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Koh Kojima

Xenoblade 3 10-year life span

Nintendo and Monolith Soft have discussed the more serious story of Xenoblade Chronicles 3 and having the 10-year life span as a major plot point.

Monolith Soft senior director and chief creative officer Tetsuya Takahashi, the studio’s director and producer Koh Kojima, and Nintendo director and producer Genki Yokota weighed in. Kojima actually initially felt that Takakhashi ” was deliberately trying to remove the sense of ‘Xenoblade-ness’ of the series” because of how serious the world is and having a different design. However, through “trial and error”, the team “found a good balance” and captured the series’ essence. 

Game Informer recently went hands-on with Xenoblade Chronicles 2. As part of that, the site spoke with a couple of developers. Executive director Tetsuya Takahashi and producer Koh Kojima both had some rather interesting things to say about the big RPG and more. The two discussed Xenoblade Chronicles 2’s change in art style, teases pertaining to relations to past Xeno games, the size of the world, how long it’ll be, and Monolith Soft’s future.

You can read Takahashi and Kojima’s comments about these topics below. Game Informer has more with the developers and an in-depth preview of Xenoblade Chronicles 2 here.

During E3 last week, GameSpot conducted an interview with some developers from Nintendo and Monolith Soft. Those staffers are as follows:

Hitoshi Yamagami – Producer, Nintendo
Genki Yakota – Director, Nintendo
Tetsuya Takahashi – Executive Director, Monolith Soft
Koh Kojima – Director, Monolith Soft
Shingo Kawabata – Producer, Monolith Soft

In the interview, GameSpot asked all of these developers about the relationship between Nintendo and Monolith, the “JRPG” term, how the Japanese market is at present, and more. Head past the break for their comments. You can also access GameSpot’s original article here.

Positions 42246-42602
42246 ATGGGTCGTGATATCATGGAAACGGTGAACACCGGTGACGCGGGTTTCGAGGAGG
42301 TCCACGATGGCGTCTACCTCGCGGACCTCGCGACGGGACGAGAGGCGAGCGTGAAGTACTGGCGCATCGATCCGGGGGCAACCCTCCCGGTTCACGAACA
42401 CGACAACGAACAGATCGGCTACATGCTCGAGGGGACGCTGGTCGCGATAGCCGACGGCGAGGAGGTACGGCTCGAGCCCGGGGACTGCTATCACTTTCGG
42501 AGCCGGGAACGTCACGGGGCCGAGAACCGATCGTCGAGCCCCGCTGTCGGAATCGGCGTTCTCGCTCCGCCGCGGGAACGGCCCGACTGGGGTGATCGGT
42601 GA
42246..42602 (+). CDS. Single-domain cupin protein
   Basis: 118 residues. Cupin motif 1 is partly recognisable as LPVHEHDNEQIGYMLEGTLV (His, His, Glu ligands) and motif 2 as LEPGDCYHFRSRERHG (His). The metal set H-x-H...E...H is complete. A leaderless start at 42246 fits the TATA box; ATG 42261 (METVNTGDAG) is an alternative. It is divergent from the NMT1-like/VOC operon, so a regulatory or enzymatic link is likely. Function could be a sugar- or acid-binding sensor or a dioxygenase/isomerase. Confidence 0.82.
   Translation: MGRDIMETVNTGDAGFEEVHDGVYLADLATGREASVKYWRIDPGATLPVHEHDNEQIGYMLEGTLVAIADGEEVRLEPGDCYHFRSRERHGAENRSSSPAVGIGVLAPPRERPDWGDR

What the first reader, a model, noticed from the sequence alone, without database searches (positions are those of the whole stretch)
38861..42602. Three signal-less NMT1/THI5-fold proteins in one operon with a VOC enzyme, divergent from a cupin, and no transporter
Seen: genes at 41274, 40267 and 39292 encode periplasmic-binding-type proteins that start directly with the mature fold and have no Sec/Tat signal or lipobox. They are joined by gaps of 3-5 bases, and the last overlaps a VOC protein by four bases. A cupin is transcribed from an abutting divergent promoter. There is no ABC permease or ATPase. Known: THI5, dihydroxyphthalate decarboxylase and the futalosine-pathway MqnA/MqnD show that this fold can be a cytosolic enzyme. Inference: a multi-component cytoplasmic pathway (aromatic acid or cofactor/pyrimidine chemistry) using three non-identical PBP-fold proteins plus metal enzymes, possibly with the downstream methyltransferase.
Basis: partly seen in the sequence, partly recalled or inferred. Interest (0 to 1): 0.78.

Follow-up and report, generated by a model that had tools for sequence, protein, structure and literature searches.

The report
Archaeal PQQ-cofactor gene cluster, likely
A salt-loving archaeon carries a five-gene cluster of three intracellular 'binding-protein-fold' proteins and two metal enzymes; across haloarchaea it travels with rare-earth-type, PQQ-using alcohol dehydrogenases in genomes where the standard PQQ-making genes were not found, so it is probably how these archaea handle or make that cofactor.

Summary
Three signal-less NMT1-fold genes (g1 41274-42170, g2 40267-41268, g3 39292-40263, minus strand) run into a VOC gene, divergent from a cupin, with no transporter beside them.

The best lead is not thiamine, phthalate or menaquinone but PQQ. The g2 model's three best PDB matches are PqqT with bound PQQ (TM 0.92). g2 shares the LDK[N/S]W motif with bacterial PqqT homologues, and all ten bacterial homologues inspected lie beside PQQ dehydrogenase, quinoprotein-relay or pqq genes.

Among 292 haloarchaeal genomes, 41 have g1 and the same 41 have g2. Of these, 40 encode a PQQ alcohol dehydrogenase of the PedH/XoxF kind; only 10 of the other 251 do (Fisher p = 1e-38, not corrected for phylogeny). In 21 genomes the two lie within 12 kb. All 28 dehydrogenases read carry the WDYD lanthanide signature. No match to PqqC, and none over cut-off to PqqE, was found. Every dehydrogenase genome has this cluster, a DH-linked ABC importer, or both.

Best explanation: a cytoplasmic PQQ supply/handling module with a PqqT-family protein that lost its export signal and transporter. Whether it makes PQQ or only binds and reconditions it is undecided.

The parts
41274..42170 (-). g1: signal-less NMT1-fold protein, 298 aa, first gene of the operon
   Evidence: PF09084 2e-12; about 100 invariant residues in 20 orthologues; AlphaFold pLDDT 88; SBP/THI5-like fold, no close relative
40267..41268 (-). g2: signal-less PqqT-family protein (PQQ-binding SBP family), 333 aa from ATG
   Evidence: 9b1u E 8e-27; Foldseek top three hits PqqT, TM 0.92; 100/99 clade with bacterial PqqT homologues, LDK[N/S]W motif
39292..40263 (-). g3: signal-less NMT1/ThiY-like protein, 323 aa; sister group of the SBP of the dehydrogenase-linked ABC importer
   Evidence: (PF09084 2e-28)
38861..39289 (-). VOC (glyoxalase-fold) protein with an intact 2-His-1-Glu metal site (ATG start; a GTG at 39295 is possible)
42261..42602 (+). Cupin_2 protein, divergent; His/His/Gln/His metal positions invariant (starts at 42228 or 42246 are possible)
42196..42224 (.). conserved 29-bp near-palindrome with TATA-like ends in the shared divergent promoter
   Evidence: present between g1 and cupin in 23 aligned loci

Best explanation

A new Iwata Asks has gone live. Following the Xenoblade Chronicles 3D discussion last month, Nintendo’s latest discussion focuses on the spiritual sequel Xenoblade Chronicles X. Read it here.

Nintendo president Satoru Iwata sits down with Genki Yokota, Koh Kojima, Kazuho Hyodo, Yuichiro Takeda, and Tetsuya Takahashi to talk all about the Wii U RPG. It’s a lengthy read, but it should be well worth checking out if you have interest in Xenoblade Chronicles X!

Xenoblade Chronicles X director Koh Kojima has once again taken to the game’s Japanese Twitter account to share additional information. Kojima shared a few more details regarding Squads and Unions.

Here’s the latest:

Two more bits of information relating to the ‘Doll/Network’ video presentation. You can join Squads once you’ve reached a certain point in the game. You can choose from Solo Play and Multi-Play. You can also join Squads that your friends are in.

While online, the Player can change the Union they belong to by paying a set fee (using in-game currency). You can be calculating and switch to a Union with good results or you can help raise the rank of the Union you’re already in.